PARIS (Reuters) - France will increase its force in Central African Republic to at least one thousand soldiers after a U.N. resolution expected next week, French officials said on Tuesday, warning of the risk of regional instability.
The landlocked nation of 4.6 million people has descended into violence and chaos since rebels, many from neighboring Chad and Sudan, ousted President Francois Bozize in March.
CAR's prime minister, Nicolas Tiangaye, said on Monday Fabius told him France aimed to boost its number of soldiers in the country by 800 from about 400.
"We are going to reinforce our presence," Foreign Minister Laurent Fabius told France Culture radio. "We are waiting for a United Nations resolution that should come next week."
"Until now, only Central Africans were threatened, but if the (power) vacuum and implosion sets in, it will threaten all countries in the region: Chad, Sudan, Congo and Cameroon."
Asked about the figure of 800 additional troops, Fabius said the number "makes sense", but did not elaborate further.
Separately, French Defense Minister Jean-Yves Le Drian told Europe 1 radio France would support a planned African-led force with "around one thousand" troops. He did not specify whether that was the size of the reinforcement or the total number.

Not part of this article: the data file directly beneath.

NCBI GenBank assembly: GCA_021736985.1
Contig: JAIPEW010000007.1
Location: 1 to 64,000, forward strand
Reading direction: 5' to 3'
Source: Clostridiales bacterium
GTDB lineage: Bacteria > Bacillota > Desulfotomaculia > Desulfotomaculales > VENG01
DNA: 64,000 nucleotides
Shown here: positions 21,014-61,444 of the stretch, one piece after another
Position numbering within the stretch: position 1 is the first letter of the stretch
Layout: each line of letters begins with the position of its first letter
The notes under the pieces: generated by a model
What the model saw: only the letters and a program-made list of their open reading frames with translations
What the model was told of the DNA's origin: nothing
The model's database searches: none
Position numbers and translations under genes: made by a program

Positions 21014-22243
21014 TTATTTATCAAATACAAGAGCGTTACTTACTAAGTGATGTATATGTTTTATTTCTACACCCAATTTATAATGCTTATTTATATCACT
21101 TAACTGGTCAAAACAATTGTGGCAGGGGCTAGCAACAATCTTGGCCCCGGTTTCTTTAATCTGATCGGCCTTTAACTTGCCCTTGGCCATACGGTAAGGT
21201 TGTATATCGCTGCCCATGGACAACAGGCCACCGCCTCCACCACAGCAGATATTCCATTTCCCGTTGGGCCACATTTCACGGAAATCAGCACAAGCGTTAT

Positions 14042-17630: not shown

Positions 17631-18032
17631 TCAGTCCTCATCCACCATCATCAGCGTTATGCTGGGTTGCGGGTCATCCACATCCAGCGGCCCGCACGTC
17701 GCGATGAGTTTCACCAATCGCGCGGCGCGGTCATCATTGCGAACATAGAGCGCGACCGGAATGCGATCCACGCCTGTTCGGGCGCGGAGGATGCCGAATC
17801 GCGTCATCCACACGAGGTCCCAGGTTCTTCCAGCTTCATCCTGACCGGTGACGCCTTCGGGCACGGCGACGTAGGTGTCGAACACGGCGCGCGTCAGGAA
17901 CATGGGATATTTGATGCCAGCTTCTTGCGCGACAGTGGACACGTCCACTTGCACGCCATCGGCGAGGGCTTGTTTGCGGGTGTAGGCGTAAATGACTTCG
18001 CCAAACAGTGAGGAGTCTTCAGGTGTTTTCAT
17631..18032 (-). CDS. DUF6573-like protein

He said the mission was likely to last about six months depending on the timetable set by the United Nations. He dismissed comparisons with France's intervention Mali, where Paris deployed 4,000 troops in January to keep Islamist militants from taking the capital Bamako.
French U.N. Ambassador Gerard Araud said at the United Nations that the French troops in CAR would restore law and order until an African Union force of 3,600 troops - known as MISCA - was fully operational.
In addition to the French troops in the country, there is a 2,500-strong regional force deployed by the Economic Community of Central African States. The African Union is due to take charge of that force in December and boost its size.
The violence in the mineral-rich but impoverished country has increasingly pitted the mainly Muslim fighters of the Seleka rebels against Christian militias. Christians make up half the population and Muslims 15 percent.
(Reporting by Leigh Thomas, Additional reporting by Marion Douet; editing by Elizabeth Piper and Mark John)